Children's Medical Center in Dallas has become the first hospital to tweet in real time during a transplant surgery.
The 483-bed hospital used Twitter on Monday to provide updates as Chris Gilbreath, a firefighter from Sherman, Texas, gave his left kidney to his three-year-old son John.
John was born with a condition called posterior urethral valves (PUV), which compromises his kidney function, and has undergone nightly 10-hour peritoneal dialysis sessions since birth.
Up until Monday John had been living without either of his kidneys - his left kidney had been removed in February and his right one in April. He had been on the kidney transplant waiting list, but his status went inactive after both kidneys were removed, his mother Amanda Gilbreath said.
Representatives from the public relations department at Children's - where John's surgery was performed - and UT Southwestern (part of The University of Texas System), where his father's surgery was performed, twittered live from both sites.
Once Chris Gilbreath's left kidney was removed, surgeons worked to limit ischemia time (the time during which no blood runs through the organ) to two hours, staff tweeted.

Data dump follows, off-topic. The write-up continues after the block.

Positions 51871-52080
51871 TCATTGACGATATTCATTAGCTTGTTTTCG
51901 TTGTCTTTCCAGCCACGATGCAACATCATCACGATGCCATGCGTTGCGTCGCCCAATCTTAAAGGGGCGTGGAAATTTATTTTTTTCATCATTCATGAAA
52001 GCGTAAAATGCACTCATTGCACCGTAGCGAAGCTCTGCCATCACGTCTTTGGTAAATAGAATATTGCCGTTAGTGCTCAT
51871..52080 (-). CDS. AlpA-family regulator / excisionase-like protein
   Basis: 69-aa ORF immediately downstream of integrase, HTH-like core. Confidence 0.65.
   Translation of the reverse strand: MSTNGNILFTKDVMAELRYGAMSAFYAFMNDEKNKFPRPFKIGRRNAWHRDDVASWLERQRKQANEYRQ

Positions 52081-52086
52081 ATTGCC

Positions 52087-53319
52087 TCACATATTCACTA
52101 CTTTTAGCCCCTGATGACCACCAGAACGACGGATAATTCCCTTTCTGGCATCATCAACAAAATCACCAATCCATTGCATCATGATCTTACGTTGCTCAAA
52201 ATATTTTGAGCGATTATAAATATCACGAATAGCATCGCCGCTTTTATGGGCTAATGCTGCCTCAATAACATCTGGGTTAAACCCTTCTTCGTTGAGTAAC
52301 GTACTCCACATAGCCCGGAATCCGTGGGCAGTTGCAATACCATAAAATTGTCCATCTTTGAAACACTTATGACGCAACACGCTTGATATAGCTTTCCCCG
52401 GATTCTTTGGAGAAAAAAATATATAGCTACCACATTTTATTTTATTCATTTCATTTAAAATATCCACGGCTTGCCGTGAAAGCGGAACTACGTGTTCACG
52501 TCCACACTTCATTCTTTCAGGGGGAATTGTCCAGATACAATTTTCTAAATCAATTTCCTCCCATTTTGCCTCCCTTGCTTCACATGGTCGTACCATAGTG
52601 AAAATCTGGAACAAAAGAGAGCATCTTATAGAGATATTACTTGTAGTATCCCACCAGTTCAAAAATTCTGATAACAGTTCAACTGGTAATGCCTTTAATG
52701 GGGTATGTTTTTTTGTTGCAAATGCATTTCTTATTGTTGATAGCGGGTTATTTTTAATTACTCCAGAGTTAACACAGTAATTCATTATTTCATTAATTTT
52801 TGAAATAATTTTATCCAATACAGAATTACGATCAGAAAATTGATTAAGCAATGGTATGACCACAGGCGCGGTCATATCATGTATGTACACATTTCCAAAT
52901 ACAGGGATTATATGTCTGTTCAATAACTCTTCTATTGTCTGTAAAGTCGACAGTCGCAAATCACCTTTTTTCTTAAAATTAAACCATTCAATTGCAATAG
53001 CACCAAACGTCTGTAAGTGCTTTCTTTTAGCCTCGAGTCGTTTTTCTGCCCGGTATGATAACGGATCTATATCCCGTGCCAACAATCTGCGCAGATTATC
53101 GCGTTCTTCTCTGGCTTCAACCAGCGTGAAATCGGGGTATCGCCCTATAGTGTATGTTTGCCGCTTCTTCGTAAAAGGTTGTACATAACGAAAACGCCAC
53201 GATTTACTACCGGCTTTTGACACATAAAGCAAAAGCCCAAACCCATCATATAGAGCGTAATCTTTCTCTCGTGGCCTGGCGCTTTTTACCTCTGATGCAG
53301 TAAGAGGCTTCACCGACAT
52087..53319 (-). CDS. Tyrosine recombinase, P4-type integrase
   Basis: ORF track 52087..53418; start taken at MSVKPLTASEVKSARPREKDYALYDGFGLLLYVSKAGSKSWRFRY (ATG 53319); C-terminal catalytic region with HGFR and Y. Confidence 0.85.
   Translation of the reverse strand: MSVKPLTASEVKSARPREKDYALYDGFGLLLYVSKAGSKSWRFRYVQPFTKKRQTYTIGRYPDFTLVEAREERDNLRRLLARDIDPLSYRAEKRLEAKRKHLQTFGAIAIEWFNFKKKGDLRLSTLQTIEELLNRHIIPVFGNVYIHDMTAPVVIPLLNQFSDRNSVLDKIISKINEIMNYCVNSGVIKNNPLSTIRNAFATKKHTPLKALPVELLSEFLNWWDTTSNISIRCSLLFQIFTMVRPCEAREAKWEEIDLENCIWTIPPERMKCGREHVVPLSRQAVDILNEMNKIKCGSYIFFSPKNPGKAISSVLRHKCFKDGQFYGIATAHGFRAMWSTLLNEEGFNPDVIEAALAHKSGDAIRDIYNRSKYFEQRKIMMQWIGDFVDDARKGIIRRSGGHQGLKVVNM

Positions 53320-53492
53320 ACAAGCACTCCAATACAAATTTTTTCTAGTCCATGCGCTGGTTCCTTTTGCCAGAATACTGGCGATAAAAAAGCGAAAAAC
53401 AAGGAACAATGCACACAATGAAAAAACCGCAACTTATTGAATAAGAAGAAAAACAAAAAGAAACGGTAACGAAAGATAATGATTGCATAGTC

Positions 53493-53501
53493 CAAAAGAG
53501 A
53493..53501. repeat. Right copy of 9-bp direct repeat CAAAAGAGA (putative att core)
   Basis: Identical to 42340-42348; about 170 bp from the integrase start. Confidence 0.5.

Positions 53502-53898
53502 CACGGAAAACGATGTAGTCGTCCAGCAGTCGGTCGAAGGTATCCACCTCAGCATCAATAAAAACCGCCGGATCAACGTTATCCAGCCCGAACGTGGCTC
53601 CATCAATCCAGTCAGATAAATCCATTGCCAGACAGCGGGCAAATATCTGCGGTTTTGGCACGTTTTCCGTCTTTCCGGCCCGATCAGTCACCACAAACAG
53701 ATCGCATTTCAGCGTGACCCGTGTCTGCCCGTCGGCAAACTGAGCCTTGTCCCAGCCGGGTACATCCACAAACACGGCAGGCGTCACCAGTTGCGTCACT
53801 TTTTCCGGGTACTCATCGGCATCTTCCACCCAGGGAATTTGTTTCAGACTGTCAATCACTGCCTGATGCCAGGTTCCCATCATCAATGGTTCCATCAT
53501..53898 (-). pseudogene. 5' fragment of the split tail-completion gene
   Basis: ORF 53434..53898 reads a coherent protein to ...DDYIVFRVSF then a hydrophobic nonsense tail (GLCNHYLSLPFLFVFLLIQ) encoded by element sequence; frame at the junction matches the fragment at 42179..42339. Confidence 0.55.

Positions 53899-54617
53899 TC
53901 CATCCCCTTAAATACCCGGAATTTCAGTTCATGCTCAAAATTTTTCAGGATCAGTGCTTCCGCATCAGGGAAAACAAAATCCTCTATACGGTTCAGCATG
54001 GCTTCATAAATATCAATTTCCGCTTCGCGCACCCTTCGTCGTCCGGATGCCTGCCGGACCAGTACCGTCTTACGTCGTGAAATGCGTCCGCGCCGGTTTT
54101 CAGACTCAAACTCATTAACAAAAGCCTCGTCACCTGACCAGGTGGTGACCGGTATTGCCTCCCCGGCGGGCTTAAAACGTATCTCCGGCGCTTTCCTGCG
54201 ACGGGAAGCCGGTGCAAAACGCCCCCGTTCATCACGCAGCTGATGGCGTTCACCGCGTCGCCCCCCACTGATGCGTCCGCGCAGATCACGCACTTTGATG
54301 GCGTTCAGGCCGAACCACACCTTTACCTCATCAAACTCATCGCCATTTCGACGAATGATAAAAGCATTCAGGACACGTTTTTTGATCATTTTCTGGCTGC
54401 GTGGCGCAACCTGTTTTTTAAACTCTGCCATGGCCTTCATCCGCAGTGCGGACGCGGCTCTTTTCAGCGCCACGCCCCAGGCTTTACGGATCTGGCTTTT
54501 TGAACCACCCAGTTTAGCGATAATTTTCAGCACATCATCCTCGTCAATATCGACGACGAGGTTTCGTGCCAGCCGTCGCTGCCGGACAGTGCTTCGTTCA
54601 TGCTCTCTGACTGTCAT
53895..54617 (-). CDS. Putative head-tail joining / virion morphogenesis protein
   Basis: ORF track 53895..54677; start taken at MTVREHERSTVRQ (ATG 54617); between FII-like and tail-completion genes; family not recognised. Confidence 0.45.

Kidneys were "nice and pink - no errors or demarcations," staff reported.
"Currently, nearly 85,000 people are on the waiting list for a kidney," said Jessica Newell, media relations manager at Children's Medical Center. "We hope that twittering from this surgery will help raise awareness for organ donation, as well as living organ donation."
"I couldn't be with both my boys during surgery so it will help me feel connected to Chris' surgery, which will be about a quarter of a mile away," Amanda Gilbreath said. "I hope it educates the public about living donations and sparks an interest in others to make a living donation."
Amanda said the hospital approached her about tweeting the surgery. Although she had heard of Twitter, she said she went home and researched it and became a member.
"It will help keep families and friends in tune to what's going on," she said
Children's has become an active participant in other social media platforms, with a YouTube channel, a Facebook page and a blog, which it just launched in April, called "From the Red Balloon."
Photo courtesy of Louis Curtis, Jr.